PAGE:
This continuity of care gives us a chance to form a relationship with a woman and her family. That’s how trust develops—and those trusting relationships not only contribute to lower rates of preterm births, but also better overall health outcomes for women and their families.
As an Indigenous midwife, I help ensure the survival of the Nation. I collaborate with specialists, public health nurses, dietitians, primary care physicians and mental health counselors, creating an integrated team that helps women and their families stay healthy without having to leave their community.Share
"Indigenous midwives recognize that every community has a unique cultural story"
All of this work—these relationships we build, the trust that ensues and our ability to help women stay as close to home as possible for this important transition in their lives—is particularly helpful for Indigenous people, considering our past experiences.
In the last couple hundred years, there has been so much that the Indigenous people have had to survive. I believe midwives play a role in helping women and families take back their power and helping them heal.
As an Indigenous midwife, I literally help ensure the survival of the Nation by playing a role in renewing the strength that communities traditionally had. I help our patients navigate the healthcare system and get any additional resources they need. I also collaborate with specialists, public health nurses, dietitians, primary care physicians and mental health counselors, ultimately creating an integrated team that helps women and their families stay healthy without having to leave their community.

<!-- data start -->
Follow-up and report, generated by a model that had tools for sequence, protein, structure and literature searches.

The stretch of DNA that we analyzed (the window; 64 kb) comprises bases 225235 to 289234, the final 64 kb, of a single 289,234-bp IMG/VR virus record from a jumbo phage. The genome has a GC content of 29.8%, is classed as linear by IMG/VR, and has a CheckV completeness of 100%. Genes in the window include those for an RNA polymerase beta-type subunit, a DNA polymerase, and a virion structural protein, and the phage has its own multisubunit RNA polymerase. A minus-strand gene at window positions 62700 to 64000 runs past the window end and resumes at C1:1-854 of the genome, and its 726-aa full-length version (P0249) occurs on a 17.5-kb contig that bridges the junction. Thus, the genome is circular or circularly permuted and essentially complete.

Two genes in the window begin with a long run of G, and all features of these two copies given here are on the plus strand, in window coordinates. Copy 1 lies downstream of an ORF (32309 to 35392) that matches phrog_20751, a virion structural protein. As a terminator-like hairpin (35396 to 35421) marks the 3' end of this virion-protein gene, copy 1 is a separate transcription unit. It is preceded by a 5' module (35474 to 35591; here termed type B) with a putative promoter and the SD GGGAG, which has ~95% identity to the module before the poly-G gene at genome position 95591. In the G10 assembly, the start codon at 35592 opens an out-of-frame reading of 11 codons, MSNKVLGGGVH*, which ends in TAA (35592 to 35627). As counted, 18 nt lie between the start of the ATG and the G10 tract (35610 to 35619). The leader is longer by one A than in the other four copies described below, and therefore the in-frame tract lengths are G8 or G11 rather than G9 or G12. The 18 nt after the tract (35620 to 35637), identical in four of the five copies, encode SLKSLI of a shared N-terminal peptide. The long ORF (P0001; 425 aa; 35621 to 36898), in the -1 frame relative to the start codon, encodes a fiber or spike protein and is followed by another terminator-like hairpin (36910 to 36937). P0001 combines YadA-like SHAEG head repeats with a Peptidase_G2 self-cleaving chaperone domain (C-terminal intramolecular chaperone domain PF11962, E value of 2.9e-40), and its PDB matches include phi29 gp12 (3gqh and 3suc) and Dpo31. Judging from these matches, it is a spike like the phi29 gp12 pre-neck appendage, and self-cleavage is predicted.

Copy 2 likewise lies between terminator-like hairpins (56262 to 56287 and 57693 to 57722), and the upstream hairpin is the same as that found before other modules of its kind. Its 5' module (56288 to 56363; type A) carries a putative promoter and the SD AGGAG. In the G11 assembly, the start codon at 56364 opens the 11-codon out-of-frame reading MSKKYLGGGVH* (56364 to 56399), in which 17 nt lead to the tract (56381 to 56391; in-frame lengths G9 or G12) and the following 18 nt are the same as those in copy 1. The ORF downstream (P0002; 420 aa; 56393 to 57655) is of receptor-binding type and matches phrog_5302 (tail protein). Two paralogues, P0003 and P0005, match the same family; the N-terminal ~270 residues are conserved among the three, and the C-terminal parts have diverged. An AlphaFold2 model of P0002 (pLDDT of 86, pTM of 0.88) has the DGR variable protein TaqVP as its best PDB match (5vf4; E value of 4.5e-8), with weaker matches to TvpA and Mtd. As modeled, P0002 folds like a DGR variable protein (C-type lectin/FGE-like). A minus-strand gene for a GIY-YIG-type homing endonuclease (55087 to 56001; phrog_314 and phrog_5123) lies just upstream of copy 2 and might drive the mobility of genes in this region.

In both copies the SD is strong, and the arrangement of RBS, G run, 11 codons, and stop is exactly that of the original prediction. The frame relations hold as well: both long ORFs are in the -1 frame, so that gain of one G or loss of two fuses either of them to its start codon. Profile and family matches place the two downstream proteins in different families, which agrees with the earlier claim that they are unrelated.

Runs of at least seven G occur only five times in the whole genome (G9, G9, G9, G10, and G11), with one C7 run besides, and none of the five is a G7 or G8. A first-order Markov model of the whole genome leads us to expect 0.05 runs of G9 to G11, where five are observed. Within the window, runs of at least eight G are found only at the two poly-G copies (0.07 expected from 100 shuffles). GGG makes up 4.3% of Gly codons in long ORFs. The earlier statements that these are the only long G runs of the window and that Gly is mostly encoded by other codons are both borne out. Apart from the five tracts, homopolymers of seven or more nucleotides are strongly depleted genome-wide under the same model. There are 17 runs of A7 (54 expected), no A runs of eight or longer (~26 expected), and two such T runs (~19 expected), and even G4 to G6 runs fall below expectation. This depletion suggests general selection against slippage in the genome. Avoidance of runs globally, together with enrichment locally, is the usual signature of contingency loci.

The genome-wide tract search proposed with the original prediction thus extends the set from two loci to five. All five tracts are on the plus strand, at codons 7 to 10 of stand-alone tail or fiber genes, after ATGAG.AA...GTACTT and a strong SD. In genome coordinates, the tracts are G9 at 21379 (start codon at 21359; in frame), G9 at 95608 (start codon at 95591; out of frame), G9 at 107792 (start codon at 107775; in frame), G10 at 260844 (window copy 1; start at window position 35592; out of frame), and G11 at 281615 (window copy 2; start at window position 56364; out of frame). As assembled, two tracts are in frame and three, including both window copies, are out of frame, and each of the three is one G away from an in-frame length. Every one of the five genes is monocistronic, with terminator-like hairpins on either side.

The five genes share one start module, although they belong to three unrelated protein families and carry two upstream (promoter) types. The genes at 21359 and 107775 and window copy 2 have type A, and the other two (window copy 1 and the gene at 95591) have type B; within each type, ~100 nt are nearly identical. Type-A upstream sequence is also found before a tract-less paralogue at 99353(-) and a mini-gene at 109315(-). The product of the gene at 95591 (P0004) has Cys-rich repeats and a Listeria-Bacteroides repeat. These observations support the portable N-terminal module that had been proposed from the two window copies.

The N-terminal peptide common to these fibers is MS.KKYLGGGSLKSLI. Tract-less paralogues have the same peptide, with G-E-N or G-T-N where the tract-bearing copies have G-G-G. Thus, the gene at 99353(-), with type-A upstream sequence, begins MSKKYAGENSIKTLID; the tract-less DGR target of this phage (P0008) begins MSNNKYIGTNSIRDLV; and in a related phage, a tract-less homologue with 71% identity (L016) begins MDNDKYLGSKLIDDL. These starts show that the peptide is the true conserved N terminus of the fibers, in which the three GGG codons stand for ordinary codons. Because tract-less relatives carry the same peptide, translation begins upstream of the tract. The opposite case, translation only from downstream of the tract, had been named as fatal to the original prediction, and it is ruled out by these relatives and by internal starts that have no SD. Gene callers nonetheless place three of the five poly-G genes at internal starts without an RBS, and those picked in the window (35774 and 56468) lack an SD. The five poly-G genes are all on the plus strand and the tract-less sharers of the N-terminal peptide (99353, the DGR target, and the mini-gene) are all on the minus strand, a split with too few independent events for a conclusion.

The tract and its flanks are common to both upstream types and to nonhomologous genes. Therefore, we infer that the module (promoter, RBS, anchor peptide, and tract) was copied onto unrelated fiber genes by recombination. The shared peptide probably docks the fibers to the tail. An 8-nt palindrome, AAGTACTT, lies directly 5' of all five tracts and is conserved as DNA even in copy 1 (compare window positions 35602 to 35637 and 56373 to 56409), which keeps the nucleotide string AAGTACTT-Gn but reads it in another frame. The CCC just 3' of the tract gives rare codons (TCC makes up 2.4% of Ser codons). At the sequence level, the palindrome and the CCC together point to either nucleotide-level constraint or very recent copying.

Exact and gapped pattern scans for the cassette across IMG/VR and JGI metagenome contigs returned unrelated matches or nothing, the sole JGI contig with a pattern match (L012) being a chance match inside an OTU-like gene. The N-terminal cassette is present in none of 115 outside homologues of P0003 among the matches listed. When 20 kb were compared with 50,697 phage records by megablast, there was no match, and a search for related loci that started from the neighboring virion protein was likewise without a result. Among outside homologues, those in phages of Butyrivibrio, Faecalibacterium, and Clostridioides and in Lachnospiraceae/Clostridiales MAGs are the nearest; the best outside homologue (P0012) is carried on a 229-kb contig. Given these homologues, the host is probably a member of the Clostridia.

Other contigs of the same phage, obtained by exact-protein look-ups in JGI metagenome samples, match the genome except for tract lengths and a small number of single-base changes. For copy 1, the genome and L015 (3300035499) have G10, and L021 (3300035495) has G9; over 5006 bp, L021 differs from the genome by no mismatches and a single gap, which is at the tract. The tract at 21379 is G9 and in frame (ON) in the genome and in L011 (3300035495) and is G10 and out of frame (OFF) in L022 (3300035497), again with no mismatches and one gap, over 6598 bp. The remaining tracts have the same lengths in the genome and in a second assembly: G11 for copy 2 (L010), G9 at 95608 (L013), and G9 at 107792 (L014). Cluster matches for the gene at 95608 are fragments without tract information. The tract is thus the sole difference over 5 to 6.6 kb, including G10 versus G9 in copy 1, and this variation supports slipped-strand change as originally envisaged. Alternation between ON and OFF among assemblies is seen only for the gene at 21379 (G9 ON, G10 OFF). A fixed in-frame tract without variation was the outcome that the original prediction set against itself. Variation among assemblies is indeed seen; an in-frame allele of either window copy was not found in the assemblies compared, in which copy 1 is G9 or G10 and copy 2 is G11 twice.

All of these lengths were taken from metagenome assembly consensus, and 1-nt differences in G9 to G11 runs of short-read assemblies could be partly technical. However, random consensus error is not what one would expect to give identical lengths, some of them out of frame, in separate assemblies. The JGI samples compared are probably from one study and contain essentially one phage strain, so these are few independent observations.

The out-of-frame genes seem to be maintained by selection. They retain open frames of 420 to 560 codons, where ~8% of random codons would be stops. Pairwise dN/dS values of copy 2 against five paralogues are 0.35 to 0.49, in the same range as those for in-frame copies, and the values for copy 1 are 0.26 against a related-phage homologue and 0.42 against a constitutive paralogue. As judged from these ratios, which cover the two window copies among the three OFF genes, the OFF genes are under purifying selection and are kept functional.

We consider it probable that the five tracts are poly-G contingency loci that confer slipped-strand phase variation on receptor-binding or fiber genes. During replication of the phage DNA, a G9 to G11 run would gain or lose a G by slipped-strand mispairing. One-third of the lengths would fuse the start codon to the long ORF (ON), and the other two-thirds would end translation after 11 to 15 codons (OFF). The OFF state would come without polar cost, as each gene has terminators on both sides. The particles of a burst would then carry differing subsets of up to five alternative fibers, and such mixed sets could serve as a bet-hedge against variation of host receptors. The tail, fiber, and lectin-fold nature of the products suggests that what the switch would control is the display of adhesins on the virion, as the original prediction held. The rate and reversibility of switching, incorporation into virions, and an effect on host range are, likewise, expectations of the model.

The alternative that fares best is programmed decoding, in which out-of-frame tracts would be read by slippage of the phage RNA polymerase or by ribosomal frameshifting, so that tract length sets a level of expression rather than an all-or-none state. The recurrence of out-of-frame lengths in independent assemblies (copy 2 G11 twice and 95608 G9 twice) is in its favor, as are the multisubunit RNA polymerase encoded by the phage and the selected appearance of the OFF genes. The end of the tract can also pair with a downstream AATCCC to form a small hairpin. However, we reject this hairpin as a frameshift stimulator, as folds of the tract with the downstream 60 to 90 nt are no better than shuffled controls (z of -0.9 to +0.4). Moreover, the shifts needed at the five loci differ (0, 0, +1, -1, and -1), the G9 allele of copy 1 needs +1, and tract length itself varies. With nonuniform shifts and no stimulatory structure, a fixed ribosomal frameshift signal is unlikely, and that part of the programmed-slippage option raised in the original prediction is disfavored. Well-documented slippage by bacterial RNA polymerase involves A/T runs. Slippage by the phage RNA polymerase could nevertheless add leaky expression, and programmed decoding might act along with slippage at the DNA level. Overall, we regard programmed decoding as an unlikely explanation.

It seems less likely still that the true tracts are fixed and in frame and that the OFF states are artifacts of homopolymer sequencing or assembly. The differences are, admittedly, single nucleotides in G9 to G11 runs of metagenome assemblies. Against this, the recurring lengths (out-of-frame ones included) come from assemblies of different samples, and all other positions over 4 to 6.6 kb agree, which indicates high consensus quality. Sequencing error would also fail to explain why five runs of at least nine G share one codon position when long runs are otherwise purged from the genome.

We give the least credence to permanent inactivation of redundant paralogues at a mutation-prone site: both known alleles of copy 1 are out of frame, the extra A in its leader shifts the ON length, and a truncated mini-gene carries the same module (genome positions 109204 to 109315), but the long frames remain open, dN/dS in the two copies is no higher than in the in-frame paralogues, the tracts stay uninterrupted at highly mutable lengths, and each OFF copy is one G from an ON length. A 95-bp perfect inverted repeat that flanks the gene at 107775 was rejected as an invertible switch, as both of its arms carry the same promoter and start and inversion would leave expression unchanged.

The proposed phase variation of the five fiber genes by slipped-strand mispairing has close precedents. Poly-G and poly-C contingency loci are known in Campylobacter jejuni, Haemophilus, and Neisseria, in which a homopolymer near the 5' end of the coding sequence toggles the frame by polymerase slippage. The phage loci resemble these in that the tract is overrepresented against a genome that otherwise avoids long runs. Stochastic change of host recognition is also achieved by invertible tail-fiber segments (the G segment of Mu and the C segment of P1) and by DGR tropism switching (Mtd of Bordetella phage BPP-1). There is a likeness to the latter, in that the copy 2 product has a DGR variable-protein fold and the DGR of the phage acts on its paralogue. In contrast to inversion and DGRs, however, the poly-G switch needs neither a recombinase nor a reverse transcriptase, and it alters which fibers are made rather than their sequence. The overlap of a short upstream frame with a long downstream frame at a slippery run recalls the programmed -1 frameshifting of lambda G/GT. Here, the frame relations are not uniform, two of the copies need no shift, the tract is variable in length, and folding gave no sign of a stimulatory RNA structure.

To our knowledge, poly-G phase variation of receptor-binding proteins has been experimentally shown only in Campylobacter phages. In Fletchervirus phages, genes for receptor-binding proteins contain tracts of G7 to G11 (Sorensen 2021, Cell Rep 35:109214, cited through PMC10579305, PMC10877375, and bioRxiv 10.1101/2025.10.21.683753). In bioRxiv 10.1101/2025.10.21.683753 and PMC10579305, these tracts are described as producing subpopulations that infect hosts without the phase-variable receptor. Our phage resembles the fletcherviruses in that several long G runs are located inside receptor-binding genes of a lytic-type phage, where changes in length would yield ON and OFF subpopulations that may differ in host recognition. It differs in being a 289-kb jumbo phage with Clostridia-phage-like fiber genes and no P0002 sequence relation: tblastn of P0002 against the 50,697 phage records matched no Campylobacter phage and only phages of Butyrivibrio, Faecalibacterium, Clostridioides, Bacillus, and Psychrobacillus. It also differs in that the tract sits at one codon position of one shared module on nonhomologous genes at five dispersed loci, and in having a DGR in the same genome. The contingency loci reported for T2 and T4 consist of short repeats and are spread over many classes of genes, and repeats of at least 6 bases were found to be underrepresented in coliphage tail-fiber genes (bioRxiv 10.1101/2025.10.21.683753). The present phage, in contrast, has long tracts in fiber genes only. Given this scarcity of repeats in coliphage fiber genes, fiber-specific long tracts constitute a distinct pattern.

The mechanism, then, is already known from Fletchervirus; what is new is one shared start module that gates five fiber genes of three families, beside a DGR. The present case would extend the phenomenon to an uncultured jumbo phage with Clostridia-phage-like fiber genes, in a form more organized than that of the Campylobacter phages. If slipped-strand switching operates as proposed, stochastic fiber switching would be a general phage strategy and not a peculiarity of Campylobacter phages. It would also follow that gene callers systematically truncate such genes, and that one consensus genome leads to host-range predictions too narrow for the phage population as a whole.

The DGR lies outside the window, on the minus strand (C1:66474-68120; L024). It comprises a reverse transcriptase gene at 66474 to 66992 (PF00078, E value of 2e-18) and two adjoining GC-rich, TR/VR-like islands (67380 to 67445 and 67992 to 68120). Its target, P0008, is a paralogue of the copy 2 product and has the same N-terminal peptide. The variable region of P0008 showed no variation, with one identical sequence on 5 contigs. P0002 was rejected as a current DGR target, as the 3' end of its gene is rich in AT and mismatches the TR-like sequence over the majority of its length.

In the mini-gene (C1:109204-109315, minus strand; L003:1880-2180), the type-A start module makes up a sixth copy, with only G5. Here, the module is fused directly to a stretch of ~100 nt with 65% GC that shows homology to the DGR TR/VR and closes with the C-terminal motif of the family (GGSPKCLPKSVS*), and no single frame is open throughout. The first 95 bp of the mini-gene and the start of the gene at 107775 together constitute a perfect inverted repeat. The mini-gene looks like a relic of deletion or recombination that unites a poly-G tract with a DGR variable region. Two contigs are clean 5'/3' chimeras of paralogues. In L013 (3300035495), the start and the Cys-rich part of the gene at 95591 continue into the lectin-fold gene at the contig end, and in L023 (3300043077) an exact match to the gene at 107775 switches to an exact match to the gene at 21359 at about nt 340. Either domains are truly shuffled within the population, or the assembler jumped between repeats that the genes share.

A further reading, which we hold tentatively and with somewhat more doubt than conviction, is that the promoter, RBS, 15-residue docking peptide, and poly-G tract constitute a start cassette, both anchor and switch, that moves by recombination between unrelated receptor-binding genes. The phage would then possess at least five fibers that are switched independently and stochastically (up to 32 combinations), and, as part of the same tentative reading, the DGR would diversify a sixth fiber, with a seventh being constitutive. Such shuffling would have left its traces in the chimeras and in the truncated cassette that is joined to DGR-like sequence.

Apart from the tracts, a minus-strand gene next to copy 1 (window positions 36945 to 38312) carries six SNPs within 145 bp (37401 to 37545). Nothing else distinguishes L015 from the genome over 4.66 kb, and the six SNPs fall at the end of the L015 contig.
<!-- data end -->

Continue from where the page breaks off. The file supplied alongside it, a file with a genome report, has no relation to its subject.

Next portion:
Providing this kind of care is so important because it’s how we traditionally lived. We had the skills and resources needed to birth our babies, raise our kids and teach them what they needed to know to be healthy and happy right where we lived. The concept of having to leave to meet all of those needs strips a community of its capacity for knowledge, health and self-care. That's why the work of NACM—and the goals of increasing the ranks of Indigenous midwifery—is so important.
Indigenous midwives recognize that every community has a unique cultural story and spiritual practices—understanding this is part of what culturally safe healthcare is about.
In my practice, we make sure our patients know they can incorporate the spiritual practices and ceremonies that are meaningful to them. For example, we make it possible for families to smudge the birthing room—a tradition where sage or another herb is burned to create a sacred space.
In Fort Smith, some families have a ceremonial way of preserving the baby’s umbilical cord stump to honor the new baby, so we make sure to save it if that’s important to a family. We make it clear to our patients, many of whom are exploring and reconnecting with their cultural identities, that this is a space where it’s OK to be you.
When I started working in the Northwest Territories, we had a lot of obstacles to overcome to help give Indigenous women the ability to make the choices they wanted, like staying in their own community to give birth. Today, at least in my part of the country, there have been some positive changes in that culturally safe healthcare is being practiced and recognized.
There’s also the fact that, especially in remote areas, we don’t always have the kinds of resources available to us that other midwives do—like medical backup or regular access to ultrasound machines. As a result, we develop skills other practitioners don’t have—we learn how to use our hands and our minds to uncover the nuances of our patients' health.
The moments I feel overwhelming gratitude for becoming a midwife are when I work with a young woman having her first baby. That woman has so many challenges and so much to learn in her journey to becoming a parent, and it’s an honor to be able to support her on that journey both physically and psychologically.
To help a woman dig deep, find the resources she didn’t know she had and blossom into a mother—that’s what makes me grateful for doing what I do. That journey into motherhood is helping prepare her for the rest of her life."